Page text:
A British banker has been killed in a horrific kayaking accident after he was washed into deep waters off the coast of South Africa by high winds and waves.
Married father-of-one Rod Johnston, 46, had gone out for a paddle on Friday afternoon on his surf-ski at popular tourist beach Camps Bay near Cape Town, where he had a seaside holiday home.
The novice kayaker set off in calm conditions but as he got further from the shore the weather suddenly changed and it is believed he was washed off his craft into heavy surf.
British banker Rod Johnston, 46, (pictured) died after a horrific ordeal at sea when he was swept out into deep water off the coast of South Africa
Camps Bay near Cape Town where British banker Rod Johnston, 46, set off from before being lost at sea
A surf-ski similar to, but not the same, as the one Scottish paddler Rod Johnston, 46, was paddling on when he lost his life off the coast of Cape Town
Rod, from Dundee in Tayside, had been lent the sleek lightweight advanced surf-ski by a friend who had visited him at Christmas, but they are only supposed to be used by experts.
Wife Debbie, 50, said he had set off in flat seas but said that strong off-shore winds had unexpectedly begun gusting out to sea and she believes large waves capsized her husband.
When Rod failed to keep an early evening appointment the National Sea Rescue Institute were alerted, and as darkness fell launched three rescue lifeboats to try to find him.
Scottish banker Rod Johnston’s widowed wife Debbie, 50, and son Dean, 24
Scottish banker Rod Johnston, 46, and widowed wife Debbie, 50
An NSRI spokesman said: ‘We carried out an extensive search between Oudekraal and Table Bay and we left no stone unturned to find the man who we believed to be missing at sea’.
The three crews searched until midnight and then resumed at first light assisted by a EMS/AMS Skymed rescue helicopter, which spotted Rod’s surf-ski adrift five miles out to sea shortly after dawn.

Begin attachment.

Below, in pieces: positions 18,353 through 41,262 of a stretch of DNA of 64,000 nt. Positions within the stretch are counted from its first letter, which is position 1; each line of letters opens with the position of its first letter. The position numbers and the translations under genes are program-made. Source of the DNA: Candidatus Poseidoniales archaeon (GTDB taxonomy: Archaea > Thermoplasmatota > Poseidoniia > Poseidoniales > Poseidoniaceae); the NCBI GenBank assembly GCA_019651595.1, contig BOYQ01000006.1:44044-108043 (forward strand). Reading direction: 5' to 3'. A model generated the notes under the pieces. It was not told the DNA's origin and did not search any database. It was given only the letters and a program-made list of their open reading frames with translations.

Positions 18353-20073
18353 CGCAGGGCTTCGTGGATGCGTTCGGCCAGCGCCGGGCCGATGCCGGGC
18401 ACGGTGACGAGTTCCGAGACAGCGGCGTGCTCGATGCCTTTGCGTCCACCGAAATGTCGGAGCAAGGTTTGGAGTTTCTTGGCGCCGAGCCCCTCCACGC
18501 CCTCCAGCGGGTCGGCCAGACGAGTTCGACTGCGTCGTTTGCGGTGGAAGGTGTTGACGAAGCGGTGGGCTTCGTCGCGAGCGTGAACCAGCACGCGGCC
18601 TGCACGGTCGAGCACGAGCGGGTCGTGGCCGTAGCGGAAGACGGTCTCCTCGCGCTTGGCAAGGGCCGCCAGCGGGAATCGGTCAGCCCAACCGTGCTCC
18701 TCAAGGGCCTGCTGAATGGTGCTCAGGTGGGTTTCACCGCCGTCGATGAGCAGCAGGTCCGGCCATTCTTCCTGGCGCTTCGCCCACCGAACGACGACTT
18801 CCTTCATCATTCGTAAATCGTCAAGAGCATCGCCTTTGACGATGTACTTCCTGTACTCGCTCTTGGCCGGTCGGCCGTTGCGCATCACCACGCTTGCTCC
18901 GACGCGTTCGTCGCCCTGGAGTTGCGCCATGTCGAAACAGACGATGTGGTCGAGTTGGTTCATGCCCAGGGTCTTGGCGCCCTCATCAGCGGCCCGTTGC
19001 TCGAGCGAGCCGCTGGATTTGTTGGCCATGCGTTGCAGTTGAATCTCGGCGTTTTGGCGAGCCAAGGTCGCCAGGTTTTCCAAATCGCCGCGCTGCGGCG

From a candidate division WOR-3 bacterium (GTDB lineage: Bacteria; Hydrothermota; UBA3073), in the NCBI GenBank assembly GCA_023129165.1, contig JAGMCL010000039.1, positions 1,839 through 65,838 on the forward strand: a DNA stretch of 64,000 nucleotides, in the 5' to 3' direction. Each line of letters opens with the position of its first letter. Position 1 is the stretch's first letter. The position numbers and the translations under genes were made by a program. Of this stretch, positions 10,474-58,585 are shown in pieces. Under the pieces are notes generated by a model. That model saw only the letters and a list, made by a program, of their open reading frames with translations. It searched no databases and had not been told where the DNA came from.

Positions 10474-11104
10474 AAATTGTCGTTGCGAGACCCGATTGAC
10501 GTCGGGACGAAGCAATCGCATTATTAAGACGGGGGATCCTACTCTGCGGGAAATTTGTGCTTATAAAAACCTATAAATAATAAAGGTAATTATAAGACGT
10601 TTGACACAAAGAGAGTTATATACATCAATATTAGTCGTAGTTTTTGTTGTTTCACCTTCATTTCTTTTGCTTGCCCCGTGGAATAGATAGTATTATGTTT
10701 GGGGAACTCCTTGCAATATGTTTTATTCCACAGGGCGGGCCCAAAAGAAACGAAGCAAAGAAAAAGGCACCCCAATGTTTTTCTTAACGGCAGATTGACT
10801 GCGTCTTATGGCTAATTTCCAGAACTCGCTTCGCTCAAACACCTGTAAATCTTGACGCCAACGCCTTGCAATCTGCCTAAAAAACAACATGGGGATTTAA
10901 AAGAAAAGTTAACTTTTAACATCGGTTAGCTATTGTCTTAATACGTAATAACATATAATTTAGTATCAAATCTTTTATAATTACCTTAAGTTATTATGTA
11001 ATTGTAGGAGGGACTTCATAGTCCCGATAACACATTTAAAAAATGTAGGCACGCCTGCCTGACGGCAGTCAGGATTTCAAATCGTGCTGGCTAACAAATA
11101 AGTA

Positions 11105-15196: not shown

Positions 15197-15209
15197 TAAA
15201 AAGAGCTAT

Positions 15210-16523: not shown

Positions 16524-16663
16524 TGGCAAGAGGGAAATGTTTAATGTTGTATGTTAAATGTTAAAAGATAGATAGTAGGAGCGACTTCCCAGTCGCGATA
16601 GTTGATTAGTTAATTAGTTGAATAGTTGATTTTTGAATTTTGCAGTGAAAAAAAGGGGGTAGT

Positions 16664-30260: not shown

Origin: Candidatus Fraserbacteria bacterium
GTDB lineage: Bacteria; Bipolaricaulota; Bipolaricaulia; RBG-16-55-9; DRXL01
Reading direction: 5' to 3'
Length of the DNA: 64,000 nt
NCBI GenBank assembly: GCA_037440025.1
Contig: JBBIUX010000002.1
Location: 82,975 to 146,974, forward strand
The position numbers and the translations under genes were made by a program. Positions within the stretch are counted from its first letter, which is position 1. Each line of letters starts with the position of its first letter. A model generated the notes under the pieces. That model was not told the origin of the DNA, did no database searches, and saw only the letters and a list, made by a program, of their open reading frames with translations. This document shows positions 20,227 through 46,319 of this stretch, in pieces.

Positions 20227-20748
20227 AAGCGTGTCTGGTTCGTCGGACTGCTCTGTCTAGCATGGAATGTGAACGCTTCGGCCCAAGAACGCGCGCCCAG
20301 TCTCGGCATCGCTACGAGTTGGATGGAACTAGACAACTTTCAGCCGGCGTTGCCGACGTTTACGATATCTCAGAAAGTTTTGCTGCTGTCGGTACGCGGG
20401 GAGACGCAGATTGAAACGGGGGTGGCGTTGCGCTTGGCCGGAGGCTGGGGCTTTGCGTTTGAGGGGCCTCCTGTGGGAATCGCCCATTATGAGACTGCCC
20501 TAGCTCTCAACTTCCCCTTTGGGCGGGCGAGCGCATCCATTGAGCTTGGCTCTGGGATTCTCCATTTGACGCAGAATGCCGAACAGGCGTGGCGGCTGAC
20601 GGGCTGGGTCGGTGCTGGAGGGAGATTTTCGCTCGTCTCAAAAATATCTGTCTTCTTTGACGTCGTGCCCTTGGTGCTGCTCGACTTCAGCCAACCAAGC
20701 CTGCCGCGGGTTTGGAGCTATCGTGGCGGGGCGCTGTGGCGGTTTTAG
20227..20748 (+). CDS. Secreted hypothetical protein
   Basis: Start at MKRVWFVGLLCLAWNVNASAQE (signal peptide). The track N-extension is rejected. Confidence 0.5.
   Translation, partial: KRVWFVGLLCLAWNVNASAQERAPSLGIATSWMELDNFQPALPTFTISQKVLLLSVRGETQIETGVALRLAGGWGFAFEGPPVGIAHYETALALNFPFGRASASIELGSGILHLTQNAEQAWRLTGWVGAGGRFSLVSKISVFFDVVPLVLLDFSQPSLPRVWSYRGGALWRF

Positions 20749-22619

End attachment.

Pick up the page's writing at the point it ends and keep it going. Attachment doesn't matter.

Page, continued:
The victim’s body could be seen floating lifelessly in the rough seas still attached to the craft by a short safety line. He had his lifejacket on but there was no sign of his paddle.
The NSRI spokesman added: ‘The helicopter deployed a rescue diver who was dropped into the water and secured the body of the deceased man who was still attached to the surf-ski.
‘The NSRI rescue craft Rotarian Schipper rendezvoused at the discovery location and took the body of the man and his surf-ski on board and brought them both back to the shore.
‘The body of the man was handed over to the South African Police Service. We had done all we could and could do nothing more and our condolences go to family and friends’ he said.
Last night distraught Rod’s widow was flying from their holiday home in Camps Bay back to the family home in Johannesburg after identifying his body in a Cape Town mortuary.
Scottish banker Rod Johnston, 46, who died in South Africa and his wheelchair bound son Dean, 24, proudly holding his BA certificate
Debbie said: ‘I don’t think we will ever know the full answer to what exactly happened out there. Whatever happened was awful and is something Rod takes to the grave with him.
‘He went out late on Friday afternoon when the sea was quite still and calm as he is a novice on a surf-ski and he had only been out about six or seven times just as a beginner.
‘It was an advanced surf-ski which is very narrow and very light and really only meant for advanced paddlers but unfortunately the weather changed and the seas got very big.
‘It would seem he was swept out to sea and the NSRI told me that he most likely capsized and lost his paddle and if you are not an advanced paddler then you are in big trouble.
‘Without a paddle and as a novice they said it would be almost impossible to get back in the surf-ski but Rod would have fought and fought to the bitter end to try and save his life.